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Wednesday, April 13, 2011

Proposed View Restoration Measure Continued by Planning Commission

• Panel Unable to Take Action after Hearing Resident Input


The Malibu Planning Commission last week took public testimony and deliberated on a proposed citywide view restoration ordinance, but was unable to reach an agreement on approving the staff generated ordinance or recommend adopting an ordinance modeled more closely on a current ordinance enacted in Rancho Palos Verdes. The matter was continued to the planning commission’s April 19 meeting.
A view restoration ordinance would establish and provide a right of action for property owners in the city to restore pre-existing views from private residences that have been “significantly obstructed by landscaping on neighboring properties.”
The impetus for the proposed ordinance comes from the voters on April 8, 2008 when an advisory measure asked citizens “should the Malibu City Council adopt an ordinance that would require the removal or trimming of landscaping in order to restore and maintain primary views from private homes?” The measure was approved by 60 percent of the voters.
There were some public speakers who urged the commission to adopt a proposed ordinance which was crafted by a municipal task force charged by the city council to vet the issue.
Some of those speakers were on the task force and suggested that the task force’s recommended ordinance would better serve the city.
The then city council decided on June 2008 to create the View Protection Task Force to gather public input on what should be included in the citywide ordinance.
The now defunct task force met for almost a year and ultimately approved a proposed draft ordinance while two members of the task force prepared a minority report. One of those panelists was Lou La Monte, now a council member. The other was Suzanne Zimmer, who helped La Monte craft a minority report that differed sharply from the majority’s recommended ordinance.
Task force chair Sam Hall Kaplan, and task force members Barry Tyreman, Leon Cooper, Marilyn Santman, and Lucille Keller all joined forces last week to urge the commission to recommend adoption of their proposed ordinance.
Speaking about the ordinance that was proposed by the staff and currently before the commission, the task force chair said, “The proposed ordinance is flawed. It is not resident friendly and does not fulfill the measure approved by the voters. The task force ordinance is reasonable…and will best serve the city,” Hall Kaplan said.
Minority member Zimmer also spoke to the commission and took issue with some of the language the staff added in the proposed ordinance before the commission.
She cited several changes in definitions that expanded the rights of the claimants including allowing a viewing area to include upstairs bedrooms, applying for more than one view and the right of homeowners to have the final determination of the primary view.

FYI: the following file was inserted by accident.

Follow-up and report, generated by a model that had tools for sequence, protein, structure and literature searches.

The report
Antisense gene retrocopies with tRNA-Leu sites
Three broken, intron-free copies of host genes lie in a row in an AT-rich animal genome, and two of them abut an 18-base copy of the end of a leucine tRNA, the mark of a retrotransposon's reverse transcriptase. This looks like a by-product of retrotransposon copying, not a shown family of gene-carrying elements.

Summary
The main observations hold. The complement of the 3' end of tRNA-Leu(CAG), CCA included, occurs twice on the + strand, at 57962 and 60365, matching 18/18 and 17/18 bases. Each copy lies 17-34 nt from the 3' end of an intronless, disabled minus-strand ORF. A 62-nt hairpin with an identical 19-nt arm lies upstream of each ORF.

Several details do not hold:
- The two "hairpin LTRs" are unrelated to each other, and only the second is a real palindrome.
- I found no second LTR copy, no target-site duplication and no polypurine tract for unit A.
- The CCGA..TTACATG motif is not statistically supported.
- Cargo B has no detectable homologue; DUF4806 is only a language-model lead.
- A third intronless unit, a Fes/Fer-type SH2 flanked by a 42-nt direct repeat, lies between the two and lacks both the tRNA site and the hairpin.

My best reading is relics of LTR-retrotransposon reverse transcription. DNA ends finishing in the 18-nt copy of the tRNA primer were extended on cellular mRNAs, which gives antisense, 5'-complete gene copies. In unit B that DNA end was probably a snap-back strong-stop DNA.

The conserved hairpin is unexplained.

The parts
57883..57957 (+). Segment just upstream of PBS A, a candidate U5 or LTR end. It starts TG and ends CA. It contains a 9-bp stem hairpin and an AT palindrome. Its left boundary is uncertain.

“The city has the final determination. How can you change the definition?. Upstairs bedrooms have never been recognized. You are creating new views,” she added.
It was commission Chair Jeff Jennings and Commissioner John Mazza that led the debate about what the panelists should approve or not approve.
Jennings said the process was asymmetrical in the sense that the claimants, gained views, while the foliage owners simply lost their trees and maybe privacy.
“We should come up with some mechanism that the plaintiff ought to pay for it. The foliage owner should get some relief,” he said.
Mazza said he agreed with one of the speakers, Judy Decker, who urged the commission to include a hardship clause or exemption for senior citizens and those on fixed incomes.
“This doesn’t provide what 60 percent of the people voted for,” he said.
Mazza was also adamant that the city should provide no subsidy for mediation. “The city should not pay,” he added.
Mazza said he much preferred what he called the “basic guts of the PV ordinance,” such as a mediation paid for by the claimants and a process where the issue, if not resolved, would go to the planning commission and it would be appealable to the city council.
Jennings said the city would be creating a right that does not exist and he felt uncertain about the efficacy of mediation. “By creating a right that does not exist favors the claimant,” he said.
Mazza said some folks will not go along with it and others will say, “Ok it’s the law now,” he said.
Jennings countered, “It is only the fight that creates the costs,” he said.
Commissioners wanted to know what would be the legal ramifications for the city.
Assistant City Attorney Greg Kovacevich said the city would be a defendant. “It is the obligation of the city to defend itself,” he added.
Then it came time for a vote. Mazza made a motion for his PV-like ordinance, that failed by a tie vote.
There was a motion to bring the matter back on the consent calendar with changes recommended by the planning commission. That lost after Mazza abstained rather than vote and Jennings was the only yes vote. Then Kovacevich suggested the matter could simply be continued, presumably with Commissioner Joan House a voting member of the panel.
“I’ll vote for that,” said Mazza. The motion was unanimous.

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